Michael J. Beran, Ph.D.
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Last updated: 
September 1, 2021

 

Beran, M. J., Evans, T. A., Klein, E. D., & Einstein, G. O. (2012). Rhesus monkeys (Macaca mulatta) and capuchin monkeys (Cebus apella) remember future responses in a computerized task. Journal of Experimental Psychology: Animal Behavior Processes, 38, 233-243.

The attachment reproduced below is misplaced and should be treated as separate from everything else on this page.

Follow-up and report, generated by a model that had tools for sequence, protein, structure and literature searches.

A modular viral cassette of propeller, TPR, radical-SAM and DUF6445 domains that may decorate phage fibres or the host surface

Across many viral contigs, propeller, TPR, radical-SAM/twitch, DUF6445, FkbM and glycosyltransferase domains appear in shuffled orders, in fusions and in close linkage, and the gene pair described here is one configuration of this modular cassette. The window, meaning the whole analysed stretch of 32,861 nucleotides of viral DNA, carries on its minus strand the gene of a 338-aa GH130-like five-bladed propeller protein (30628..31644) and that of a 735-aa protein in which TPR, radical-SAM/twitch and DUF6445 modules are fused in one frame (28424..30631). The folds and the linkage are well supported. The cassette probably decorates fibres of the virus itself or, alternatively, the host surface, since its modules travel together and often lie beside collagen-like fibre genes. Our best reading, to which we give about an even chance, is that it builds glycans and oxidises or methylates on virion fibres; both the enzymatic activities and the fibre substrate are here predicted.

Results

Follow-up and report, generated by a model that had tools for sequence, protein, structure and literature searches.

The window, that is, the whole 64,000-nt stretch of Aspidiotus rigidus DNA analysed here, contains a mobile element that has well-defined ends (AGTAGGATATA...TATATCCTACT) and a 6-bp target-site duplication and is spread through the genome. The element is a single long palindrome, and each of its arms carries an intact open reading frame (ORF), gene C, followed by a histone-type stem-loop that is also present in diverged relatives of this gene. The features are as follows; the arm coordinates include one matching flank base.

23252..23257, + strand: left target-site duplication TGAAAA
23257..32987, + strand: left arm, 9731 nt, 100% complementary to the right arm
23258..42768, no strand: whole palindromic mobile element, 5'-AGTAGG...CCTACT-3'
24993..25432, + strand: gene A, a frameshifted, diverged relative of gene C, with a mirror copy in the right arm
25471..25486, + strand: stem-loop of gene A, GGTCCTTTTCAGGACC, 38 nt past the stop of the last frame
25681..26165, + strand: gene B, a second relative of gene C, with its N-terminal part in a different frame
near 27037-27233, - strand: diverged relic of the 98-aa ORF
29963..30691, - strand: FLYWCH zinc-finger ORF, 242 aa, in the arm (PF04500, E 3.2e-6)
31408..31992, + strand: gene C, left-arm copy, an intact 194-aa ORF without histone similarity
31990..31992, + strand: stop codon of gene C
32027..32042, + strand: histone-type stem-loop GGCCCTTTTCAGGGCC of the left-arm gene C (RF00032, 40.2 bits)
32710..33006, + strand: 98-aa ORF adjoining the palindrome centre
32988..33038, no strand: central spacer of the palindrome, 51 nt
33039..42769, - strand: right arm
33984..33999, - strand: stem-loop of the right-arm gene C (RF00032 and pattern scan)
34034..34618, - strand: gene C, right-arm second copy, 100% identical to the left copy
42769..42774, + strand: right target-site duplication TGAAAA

Planning is an important aspect of many daily activities for humans. Planning involves forming a strategy in anticipation of a future need. However, evidence that nonhuman animals can plan for future situations is limited, particularly in relation to the many other kinds of cognitive capacities that they appear to share with humans. One critical aspect of planning is the ability to remember future responses, or what is called prospective coding. Two monkey species (Macaca mulatta and Cebus apella) performed a series of computerized tasks that required encoding a future response at the outset of each trial. Monkeys of both species showed competence in all tests that were given, providing evidence that they anticipated future responses and that they appropriately engaged in those responses when the time was right for such responses. In addition, some tests demonstrated that monkeys even remembered future responses that were not as presently motivating as were other aspects of the task environment. These results indicated that monkeys could anticipate future responses and retain and implement those responses when appropriate.

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